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                                  I have been looking for low power elements but have not found any. All
                                  the elements that I pull out of the kettles (that I pull out of the
                                  dumpster/recycling) are 1500W. Any suggestions on where to source
                                  1000 W or lower would be appreciated
                                  Cheers
                                  M


                                  --- In Distillers@yahoogroups.com, "ArnieW" <arniew@...> wrote:
                                  >
                                  > I was thinking an analogy might help here.
                                  >
                                  > If you are set for a romantic night and want to dim the light in your
                                  > lounge room, then you adjust the light-dimmer control to set the
                                  > ambient light. At this point all that is important is setting the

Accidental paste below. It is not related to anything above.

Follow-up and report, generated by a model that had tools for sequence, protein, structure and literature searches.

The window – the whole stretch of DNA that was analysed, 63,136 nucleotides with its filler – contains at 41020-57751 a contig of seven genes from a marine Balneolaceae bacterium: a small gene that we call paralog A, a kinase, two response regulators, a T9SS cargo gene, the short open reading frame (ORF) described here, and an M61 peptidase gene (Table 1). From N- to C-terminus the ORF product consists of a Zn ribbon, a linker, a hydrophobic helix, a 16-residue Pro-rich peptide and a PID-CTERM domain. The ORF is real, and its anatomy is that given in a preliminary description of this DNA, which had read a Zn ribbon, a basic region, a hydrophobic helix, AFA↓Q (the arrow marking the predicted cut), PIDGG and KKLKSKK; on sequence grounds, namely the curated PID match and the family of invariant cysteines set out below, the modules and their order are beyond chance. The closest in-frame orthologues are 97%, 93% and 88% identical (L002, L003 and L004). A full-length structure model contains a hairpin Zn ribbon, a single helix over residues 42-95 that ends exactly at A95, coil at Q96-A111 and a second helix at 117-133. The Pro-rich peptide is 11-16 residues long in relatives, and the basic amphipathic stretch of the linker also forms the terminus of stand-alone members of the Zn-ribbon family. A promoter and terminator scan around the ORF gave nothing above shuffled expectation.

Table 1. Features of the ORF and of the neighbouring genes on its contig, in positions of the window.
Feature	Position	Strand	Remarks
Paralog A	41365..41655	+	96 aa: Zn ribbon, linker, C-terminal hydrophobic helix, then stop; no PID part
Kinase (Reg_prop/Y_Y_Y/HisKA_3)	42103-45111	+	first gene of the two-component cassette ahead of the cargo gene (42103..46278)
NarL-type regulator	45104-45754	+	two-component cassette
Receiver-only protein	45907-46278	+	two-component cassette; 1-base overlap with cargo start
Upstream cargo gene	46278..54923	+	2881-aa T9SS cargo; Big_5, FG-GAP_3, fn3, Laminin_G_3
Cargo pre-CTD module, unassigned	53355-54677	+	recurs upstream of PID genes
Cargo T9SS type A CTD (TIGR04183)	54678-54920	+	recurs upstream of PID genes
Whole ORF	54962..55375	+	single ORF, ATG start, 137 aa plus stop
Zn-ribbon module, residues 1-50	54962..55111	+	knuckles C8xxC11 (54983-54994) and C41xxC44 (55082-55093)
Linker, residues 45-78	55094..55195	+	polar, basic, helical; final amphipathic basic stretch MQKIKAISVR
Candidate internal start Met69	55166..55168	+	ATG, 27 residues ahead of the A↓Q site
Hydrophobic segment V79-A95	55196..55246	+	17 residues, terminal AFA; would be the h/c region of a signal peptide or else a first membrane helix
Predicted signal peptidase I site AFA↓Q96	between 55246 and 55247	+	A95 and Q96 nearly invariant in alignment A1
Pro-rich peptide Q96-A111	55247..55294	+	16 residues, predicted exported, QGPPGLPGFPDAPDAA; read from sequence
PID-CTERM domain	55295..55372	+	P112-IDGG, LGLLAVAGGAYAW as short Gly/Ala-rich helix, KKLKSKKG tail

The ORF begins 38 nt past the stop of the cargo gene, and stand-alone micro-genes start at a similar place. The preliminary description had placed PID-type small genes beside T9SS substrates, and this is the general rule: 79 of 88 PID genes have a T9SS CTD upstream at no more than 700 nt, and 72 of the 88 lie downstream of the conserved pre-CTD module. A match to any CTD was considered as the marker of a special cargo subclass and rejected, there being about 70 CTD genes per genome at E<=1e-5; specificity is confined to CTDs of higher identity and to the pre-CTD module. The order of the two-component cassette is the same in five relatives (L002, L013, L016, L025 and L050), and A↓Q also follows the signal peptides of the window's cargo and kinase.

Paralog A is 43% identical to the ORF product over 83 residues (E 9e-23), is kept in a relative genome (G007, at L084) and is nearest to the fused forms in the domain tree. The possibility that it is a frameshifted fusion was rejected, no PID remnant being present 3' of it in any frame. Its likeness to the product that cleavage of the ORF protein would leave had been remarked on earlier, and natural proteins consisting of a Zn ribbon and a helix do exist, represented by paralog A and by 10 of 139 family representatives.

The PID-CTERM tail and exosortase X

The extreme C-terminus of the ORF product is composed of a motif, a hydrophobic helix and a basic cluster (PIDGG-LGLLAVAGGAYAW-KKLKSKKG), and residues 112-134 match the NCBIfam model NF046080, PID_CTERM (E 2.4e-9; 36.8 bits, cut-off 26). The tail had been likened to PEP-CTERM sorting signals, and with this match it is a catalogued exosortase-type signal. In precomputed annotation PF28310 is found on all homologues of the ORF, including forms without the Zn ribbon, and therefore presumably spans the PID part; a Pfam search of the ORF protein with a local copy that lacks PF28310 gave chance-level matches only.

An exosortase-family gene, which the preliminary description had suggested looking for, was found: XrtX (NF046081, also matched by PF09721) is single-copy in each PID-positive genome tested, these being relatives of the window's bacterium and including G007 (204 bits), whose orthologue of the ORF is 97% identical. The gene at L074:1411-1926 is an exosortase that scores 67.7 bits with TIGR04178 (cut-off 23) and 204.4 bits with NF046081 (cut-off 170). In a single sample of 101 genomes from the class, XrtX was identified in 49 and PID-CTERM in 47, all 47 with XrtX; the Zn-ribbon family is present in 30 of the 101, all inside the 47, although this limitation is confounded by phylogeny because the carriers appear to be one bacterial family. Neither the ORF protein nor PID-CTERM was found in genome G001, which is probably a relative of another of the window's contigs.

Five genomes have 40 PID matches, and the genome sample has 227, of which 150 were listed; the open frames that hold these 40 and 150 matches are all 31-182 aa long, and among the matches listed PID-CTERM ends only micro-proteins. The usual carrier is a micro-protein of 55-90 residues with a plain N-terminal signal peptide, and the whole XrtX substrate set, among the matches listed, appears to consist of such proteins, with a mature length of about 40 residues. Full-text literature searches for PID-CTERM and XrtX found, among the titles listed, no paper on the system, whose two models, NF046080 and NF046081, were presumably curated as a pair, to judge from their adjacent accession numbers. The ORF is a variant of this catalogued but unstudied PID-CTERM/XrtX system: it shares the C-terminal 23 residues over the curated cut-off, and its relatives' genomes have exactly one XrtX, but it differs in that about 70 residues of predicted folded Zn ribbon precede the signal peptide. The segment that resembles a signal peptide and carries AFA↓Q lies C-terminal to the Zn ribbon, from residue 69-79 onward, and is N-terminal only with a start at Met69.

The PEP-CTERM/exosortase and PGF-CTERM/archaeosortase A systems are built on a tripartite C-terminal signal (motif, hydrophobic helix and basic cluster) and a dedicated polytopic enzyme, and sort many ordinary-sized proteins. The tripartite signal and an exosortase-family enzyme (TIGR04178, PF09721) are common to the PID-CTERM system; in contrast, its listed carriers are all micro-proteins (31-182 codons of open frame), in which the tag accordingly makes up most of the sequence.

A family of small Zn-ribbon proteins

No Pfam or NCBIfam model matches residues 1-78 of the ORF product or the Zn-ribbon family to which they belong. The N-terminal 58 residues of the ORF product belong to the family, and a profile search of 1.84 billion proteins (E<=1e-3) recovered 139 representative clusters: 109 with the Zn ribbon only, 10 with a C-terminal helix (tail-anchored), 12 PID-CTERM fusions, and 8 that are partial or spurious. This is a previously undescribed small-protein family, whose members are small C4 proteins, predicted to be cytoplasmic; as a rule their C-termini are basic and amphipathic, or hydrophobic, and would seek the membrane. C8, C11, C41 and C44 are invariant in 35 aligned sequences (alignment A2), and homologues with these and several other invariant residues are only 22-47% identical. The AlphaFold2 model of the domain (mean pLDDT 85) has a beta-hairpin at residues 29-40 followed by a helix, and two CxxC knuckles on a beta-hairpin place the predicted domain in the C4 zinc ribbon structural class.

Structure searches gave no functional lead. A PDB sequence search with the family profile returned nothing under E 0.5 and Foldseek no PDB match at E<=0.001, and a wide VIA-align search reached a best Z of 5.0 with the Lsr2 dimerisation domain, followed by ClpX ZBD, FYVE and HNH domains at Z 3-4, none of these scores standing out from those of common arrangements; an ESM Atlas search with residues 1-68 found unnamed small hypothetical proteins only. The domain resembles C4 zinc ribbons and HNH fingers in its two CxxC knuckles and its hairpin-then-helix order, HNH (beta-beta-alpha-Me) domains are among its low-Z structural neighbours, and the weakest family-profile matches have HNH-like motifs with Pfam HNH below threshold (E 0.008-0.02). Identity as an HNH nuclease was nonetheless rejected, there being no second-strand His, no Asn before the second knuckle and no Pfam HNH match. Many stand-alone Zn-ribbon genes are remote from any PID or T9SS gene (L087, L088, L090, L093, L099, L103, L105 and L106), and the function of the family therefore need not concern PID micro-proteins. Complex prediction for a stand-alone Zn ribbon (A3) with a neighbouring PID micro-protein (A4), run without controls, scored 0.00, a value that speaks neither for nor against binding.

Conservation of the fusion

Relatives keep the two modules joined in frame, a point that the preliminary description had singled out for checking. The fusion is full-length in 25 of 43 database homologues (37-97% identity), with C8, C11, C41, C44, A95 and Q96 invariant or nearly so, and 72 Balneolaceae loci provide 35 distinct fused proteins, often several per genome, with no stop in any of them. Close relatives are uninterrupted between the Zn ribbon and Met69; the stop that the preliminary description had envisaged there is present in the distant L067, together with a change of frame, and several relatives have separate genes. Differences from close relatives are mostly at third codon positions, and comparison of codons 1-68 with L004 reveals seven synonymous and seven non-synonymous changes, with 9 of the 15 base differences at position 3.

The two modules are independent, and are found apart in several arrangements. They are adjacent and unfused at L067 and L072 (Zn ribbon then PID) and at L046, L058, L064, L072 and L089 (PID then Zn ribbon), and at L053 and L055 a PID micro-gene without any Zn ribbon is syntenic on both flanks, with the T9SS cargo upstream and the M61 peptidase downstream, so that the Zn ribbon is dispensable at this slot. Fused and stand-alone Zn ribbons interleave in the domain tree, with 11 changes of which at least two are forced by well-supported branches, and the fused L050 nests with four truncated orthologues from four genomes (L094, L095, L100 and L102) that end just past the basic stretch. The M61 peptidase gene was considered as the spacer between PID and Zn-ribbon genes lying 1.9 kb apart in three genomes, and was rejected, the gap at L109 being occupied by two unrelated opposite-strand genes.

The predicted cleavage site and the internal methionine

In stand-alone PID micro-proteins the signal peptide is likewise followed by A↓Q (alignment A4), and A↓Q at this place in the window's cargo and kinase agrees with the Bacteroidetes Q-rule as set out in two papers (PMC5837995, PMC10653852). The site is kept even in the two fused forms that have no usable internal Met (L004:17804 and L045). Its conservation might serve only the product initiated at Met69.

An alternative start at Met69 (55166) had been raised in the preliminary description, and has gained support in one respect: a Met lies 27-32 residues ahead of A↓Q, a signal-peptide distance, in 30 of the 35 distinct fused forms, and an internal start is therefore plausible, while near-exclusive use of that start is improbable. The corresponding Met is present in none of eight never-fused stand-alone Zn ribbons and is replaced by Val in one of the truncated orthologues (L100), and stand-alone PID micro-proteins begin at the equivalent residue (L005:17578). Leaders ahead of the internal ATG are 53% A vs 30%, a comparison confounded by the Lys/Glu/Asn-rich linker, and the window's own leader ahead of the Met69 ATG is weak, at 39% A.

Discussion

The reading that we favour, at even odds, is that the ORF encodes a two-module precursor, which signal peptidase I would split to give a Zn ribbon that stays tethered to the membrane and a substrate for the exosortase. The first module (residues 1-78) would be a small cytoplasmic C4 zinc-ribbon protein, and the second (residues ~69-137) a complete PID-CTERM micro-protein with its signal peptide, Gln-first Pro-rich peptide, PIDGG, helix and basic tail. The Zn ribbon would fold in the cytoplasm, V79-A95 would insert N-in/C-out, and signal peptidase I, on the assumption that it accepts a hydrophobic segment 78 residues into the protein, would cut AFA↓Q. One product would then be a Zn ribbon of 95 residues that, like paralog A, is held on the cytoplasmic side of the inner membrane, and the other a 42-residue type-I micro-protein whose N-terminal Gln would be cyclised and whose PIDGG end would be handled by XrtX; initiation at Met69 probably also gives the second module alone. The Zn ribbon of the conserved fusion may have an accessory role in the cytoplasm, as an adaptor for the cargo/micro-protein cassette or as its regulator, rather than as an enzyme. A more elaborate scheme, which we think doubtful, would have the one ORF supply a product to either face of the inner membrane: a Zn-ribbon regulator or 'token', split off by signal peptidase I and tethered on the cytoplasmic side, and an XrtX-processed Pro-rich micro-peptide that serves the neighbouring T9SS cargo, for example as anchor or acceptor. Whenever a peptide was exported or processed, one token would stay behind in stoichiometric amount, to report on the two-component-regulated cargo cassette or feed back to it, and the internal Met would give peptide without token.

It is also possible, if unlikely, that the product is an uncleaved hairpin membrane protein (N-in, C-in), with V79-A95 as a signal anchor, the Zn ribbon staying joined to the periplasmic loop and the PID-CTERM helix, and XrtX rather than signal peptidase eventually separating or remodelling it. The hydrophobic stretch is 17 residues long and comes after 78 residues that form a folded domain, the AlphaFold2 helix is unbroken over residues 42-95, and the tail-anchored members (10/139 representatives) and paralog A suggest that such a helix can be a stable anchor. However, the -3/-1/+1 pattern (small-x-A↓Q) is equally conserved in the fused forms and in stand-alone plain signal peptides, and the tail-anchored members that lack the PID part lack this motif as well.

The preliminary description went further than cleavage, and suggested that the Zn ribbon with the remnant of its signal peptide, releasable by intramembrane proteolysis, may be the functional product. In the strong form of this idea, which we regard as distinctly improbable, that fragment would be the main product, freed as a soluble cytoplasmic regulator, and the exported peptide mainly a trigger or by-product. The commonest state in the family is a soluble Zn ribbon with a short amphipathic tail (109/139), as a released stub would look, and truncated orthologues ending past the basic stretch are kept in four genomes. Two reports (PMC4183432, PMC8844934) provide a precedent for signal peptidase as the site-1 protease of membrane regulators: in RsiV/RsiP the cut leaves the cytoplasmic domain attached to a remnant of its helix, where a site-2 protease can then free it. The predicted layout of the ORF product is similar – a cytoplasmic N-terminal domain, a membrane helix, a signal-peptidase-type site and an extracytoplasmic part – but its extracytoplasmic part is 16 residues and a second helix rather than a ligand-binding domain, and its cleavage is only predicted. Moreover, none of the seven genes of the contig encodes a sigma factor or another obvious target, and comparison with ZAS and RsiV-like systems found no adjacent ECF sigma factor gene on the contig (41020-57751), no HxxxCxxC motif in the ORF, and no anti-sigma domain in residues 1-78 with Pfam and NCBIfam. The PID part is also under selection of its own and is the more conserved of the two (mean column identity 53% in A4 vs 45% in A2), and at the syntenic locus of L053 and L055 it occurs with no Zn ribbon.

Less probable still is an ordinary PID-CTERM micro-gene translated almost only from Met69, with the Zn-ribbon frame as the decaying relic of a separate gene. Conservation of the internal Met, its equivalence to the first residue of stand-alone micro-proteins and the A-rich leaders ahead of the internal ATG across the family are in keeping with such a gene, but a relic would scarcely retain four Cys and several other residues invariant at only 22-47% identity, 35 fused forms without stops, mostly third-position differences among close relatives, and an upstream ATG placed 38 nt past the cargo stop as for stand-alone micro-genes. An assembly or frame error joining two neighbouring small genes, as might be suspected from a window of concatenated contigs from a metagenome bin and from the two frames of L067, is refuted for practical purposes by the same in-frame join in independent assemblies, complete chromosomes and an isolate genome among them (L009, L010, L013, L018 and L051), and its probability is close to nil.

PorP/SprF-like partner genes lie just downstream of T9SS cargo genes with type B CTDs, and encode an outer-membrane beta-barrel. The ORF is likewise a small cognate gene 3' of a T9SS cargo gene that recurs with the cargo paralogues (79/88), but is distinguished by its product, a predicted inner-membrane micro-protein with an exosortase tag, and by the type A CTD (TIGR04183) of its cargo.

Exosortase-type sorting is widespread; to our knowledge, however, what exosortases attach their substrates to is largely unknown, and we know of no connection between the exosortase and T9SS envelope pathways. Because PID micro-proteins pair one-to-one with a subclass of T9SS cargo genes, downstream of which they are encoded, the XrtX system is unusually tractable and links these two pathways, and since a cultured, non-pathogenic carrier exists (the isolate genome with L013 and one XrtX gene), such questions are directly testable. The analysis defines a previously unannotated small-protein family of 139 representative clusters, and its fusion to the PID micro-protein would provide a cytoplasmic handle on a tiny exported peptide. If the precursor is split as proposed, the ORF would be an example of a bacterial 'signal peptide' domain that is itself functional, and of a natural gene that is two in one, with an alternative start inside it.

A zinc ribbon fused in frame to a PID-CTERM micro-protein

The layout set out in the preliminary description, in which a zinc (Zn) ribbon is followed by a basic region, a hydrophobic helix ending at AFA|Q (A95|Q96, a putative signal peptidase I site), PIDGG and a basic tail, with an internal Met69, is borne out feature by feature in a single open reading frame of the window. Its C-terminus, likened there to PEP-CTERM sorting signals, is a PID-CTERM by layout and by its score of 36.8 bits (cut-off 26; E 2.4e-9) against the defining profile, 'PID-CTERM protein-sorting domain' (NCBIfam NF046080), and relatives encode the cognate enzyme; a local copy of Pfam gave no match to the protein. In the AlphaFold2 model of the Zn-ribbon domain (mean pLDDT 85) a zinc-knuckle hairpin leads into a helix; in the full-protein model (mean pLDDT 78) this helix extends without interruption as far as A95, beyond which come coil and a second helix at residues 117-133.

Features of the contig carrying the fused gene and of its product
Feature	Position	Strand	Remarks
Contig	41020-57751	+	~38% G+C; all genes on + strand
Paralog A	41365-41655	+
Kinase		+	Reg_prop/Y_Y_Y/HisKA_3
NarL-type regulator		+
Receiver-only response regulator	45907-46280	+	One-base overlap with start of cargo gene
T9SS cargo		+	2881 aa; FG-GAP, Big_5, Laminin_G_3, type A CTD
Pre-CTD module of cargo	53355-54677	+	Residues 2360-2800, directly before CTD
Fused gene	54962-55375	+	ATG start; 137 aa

> right amount of light to give the desired effect. The temperature of
                                  > the light globe is irrelevant - the only important thing is the
                                  > lighting effect. The temperature of the globe will be higher if it is
                                  > a hot night. The temperature of the globe will be lower if it is
                                  > mid-winter and there is a cold breeze coming in through the window.
                                  > But this does not matter as long as the light level is right.
                                  >
                                  > When distilling, the power in the boiler is all that matters because
                                  > this determines how much vapour will evaporate. The temperature of the
                                  > vapour in the head is not determined by the power in the boiler. It
                                  > will be higher if reflux is poor, lower if in full reflux. Increasing
                                  > the power will choke the column because of excessive vapour.
                                  >
                                  > I use PID control to regulate mash temperatures in my brewing system -
                                  > and there it is great. The boiler requirements for distilling are so